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Tea A-Z Featuring “J”

November 04, 2014


Tea terminology can be mind-bogglingly complex. Which is why we bring you Tea A-Z, a guide to deciphering both common and completely bewildering concepts from the world of tea. Let’s dive in!


japanese teahouseWe begin our journey into the letter J with tea producer and consumer, Japan.  Known for its teahouses, ceremonies and green tea, tea has been an integral part of Japanese culture for centuries.

Japan’s journey into tea was believed to begin in the 9th century when Buddhist monks from China brought this delicate beverage over. At first limited to royalty, tea consumption quickly extended throughout the masses. Today, green tea is a regular part of the Japanese diet, with the majority of Japanese tea production being consumed at home.

Although tea is now grown throughout most of Japan, the three key areas remain Shizuoka, Kagoshima and Mie. Japan is best known for their green tea and matcha. Bancha, the most popular variety within Japan, and Sencha became increasingly popular in the West.  Bancha is the basic Japanese green tea, harvested later in the season, and produces a coarser, roasted green. Sencha green tea is created by steaming the leaves before drying and then firing them.

How Green Tea is Grown in Japan
Types of Japanese Green Tea


jasmine flowers
Have you ever wondered how jasmine and tea became one? Well the journey all began in China when the fragrant plant as introduced in 200 AD. However it wasn’t until the fifth century that jasmine was first used to scent tea.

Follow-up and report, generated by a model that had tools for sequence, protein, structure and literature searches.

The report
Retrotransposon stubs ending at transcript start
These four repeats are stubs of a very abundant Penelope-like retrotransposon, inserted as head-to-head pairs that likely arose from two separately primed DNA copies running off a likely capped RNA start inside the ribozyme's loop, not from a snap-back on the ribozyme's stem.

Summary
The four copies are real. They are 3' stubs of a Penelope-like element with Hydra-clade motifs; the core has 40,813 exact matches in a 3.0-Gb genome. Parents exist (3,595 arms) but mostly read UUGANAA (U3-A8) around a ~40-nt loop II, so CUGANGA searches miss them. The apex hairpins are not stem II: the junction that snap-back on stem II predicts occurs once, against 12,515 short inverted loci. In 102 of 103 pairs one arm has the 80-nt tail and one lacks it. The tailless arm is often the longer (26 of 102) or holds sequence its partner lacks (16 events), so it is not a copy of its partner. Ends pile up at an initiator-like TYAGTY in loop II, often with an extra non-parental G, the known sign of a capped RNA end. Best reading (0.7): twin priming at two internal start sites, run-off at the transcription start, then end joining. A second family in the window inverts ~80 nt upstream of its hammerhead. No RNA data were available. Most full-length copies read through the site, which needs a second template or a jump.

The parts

The infusion of jasmine is far from a simple task. The flowers are picked early in the morning while the petals are still closed. One method to create the tea is layering jasmine and green tea, until the tea is fully immersed in the scents and flavors of Jasmine. This process can take hours with the layering process repeated several times until the exact scent and taste are achieved.

Wikipedia: Jasmine Tea
What is Jasmine Tea


Jat image
Do you want to sound like a tea producer? Use the word Jat to describe the origin of the tea. For example China Jat or India Jat would mean tea from China or tea from India.  Jat basically means that the tea is produced from seeds or cuttings from that region.

Varieties, Cultivars, Clones–oh, my!

Juniper Berry

juniper berries
Suffering from inflammation or bloating? Try brewing up a cup of juniper berry tea. Used as a common healing treatment by Native Americans, juniper berries have been known to help several ailments including gout, congestion, urinary tract infections and arthritis. The fruit from the juniper tree, these berries can be found either in bulk or in tea bag form.

Juniper Tea

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